The stories that we tell in Fallout 2D20 aren't formulaically the same as the stories we’d tell in a game of Dungeons and Dragons, nor is it the same as the stories we’d see told in a single-player game like the Fallout series, so where does that leave us? Perhaps with collaborative, and setting-sensitive dialogue and information seeded largely by the actions of the players. Here’s an example.
Recently at my tables, I’ve found that Fallout players seem to convey information really well over audio logs or “holotapes”. This wouldn’t be very different from using a fake web blog or a series of back-and-forth “dear diary” entries to tell a story, but it’s been an extremely immersive way to throw character depth around the table.
Here’s an example of a recent dialogue, a holotape recording.
[in a coarse, ghoulish voice] Lexington Settlement, Day 119. 3:46 am
Those thoughts are creeping into my head again. Why bother with all this? The Jet, trying to find a cure... I've lived a damn sight longer than any person has any right to, and here I am trying to keep going. It feels really selfish, when I think about it.
But then... Maybe it isn't.
Look at James, for example. Who knows how long he's got left? 60 is the new 80 in the wasteland. Any day now, there could be an attack, and he might not be able to get to safety. Or he could fall ill - incurably so - and that'd be that. And yet... He's out here trying to help us build Lexington. He's putting in the work to make something he might not even see even a modicum of the success of.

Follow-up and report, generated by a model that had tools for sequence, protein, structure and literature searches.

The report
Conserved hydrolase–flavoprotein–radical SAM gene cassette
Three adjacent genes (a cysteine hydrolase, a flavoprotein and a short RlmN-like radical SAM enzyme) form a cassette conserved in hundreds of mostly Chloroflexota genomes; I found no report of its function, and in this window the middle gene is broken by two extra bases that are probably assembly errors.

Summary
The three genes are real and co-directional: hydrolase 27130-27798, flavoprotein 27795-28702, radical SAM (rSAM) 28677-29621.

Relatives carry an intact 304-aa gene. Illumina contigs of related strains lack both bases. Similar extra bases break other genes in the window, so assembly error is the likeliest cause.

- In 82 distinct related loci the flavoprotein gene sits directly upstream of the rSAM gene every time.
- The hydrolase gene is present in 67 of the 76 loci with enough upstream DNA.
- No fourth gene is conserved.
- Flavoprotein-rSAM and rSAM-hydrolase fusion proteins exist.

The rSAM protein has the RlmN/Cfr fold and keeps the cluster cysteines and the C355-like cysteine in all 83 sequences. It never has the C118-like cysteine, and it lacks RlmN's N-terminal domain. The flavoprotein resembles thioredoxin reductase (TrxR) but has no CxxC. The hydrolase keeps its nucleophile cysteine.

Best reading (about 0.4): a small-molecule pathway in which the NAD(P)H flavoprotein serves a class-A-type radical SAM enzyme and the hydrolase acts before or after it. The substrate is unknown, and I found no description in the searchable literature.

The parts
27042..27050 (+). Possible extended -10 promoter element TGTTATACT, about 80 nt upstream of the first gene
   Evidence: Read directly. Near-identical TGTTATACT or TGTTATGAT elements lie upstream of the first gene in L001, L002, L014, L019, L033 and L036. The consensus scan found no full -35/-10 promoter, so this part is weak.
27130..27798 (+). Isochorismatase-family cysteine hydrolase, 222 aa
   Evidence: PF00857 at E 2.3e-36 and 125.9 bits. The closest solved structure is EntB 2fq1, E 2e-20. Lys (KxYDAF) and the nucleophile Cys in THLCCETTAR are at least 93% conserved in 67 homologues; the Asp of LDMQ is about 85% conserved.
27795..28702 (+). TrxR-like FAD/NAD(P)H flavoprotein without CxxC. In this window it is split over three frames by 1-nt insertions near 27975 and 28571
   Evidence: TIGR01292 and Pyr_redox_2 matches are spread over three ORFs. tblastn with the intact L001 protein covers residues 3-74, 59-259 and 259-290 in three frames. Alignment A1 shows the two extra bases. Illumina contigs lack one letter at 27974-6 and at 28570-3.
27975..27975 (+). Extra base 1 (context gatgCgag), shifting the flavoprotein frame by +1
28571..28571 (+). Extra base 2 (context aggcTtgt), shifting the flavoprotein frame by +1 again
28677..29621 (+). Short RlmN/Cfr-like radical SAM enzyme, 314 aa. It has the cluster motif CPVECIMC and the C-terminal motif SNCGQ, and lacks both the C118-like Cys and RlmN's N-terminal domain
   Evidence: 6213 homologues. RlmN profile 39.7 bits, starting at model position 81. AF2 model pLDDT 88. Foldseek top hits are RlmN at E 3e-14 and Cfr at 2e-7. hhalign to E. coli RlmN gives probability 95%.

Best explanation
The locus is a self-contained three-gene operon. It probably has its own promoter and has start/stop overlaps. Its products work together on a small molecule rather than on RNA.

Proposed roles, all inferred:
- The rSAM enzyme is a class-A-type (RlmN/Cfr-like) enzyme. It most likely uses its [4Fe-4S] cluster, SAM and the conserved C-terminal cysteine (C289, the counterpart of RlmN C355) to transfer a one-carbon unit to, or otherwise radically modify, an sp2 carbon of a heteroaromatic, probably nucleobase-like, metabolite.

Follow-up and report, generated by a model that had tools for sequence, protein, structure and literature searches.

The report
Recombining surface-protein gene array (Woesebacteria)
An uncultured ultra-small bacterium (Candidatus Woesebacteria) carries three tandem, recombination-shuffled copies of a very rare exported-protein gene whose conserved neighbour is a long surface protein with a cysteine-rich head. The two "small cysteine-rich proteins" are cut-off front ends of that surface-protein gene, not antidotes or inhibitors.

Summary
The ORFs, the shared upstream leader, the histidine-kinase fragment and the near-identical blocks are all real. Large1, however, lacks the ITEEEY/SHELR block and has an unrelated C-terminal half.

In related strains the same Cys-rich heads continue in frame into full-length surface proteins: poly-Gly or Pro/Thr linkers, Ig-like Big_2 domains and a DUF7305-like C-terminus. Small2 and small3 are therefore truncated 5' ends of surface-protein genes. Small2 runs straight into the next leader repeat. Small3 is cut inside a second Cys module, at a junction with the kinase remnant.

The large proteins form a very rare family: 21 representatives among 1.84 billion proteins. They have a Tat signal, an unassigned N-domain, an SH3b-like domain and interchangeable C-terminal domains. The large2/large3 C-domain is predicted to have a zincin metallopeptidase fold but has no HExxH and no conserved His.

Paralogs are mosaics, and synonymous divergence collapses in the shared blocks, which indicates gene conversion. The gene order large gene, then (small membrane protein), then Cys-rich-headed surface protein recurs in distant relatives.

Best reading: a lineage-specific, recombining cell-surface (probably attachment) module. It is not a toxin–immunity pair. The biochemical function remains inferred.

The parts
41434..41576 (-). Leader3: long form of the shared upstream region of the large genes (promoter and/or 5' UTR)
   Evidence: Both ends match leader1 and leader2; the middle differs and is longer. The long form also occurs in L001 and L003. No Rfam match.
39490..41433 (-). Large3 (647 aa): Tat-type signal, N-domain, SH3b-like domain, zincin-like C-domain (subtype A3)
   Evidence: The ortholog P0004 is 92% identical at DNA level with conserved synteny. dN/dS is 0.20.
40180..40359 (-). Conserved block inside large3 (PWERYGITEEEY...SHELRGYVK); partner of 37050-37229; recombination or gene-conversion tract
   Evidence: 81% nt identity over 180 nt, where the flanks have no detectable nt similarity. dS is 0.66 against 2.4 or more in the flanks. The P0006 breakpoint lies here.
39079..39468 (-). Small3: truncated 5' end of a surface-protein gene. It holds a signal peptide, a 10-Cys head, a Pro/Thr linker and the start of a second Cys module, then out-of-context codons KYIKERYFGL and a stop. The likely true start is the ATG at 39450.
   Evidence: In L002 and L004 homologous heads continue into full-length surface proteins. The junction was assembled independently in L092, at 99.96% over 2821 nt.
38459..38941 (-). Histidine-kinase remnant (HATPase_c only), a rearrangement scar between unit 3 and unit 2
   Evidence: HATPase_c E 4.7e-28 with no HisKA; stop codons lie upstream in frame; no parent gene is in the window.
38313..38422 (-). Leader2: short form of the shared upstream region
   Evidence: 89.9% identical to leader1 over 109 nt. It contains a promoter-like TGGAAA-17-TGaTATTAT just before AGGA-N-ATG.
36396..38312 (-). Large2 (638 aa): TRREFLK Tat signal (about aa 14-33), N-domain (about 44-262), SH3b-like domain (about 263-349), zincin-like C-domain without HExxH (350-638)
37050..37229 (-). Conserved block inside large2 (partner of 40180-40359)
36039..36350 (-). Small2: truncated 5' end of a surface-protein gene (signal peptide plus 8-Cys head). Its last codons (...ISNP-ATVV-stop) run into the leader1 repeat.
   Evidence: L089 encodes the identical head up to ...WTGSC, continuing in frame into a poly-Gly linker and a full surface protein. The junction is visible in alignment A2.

And then laying down and dying feels selfish by comparison. I have the potential to live even longer, to put even more work in... To see his vision to full fruition on his behalf. To just give up on it... Thinking about it in this frame of mind becomes unthinkable.
...Part of me wants to tell him. I'm not sure what he'd say, but I still want him to know.
I want him to know that when that voice in the back of my mind asks "What's the point?"
He's the answer.
We can infer things and that the narrator might not want to admit. For example, it’s 3:46 AM in a farming settlement, which means that the narrator is tied up in some serious business brooding, cooking chems, or both. Further, we’re not being walked through the dialogue (or monologue, rather) as you would a letter, because it’s our job to piece together the subtext rather than expect to be given only the information that the narrator *wants* you to know. When I played Starfinder from Paizo, my character was an investigative reporter and as such the entire journal of play was formatted as audio tapes recorded from his earpiece. If you were to play Dishonored by Modiphius, likely you’d see to it that similar recordings were made on wax cylinders. But this doesn’t necessarily mean audio recordings is the way to go, but the media that the people in your setting use to do knowledge work *should* be the media of choice for documenting your game. The point is that you’re telling a story in a way that is discovered instead of taught, because you cannot capture on written material what the world sounds like.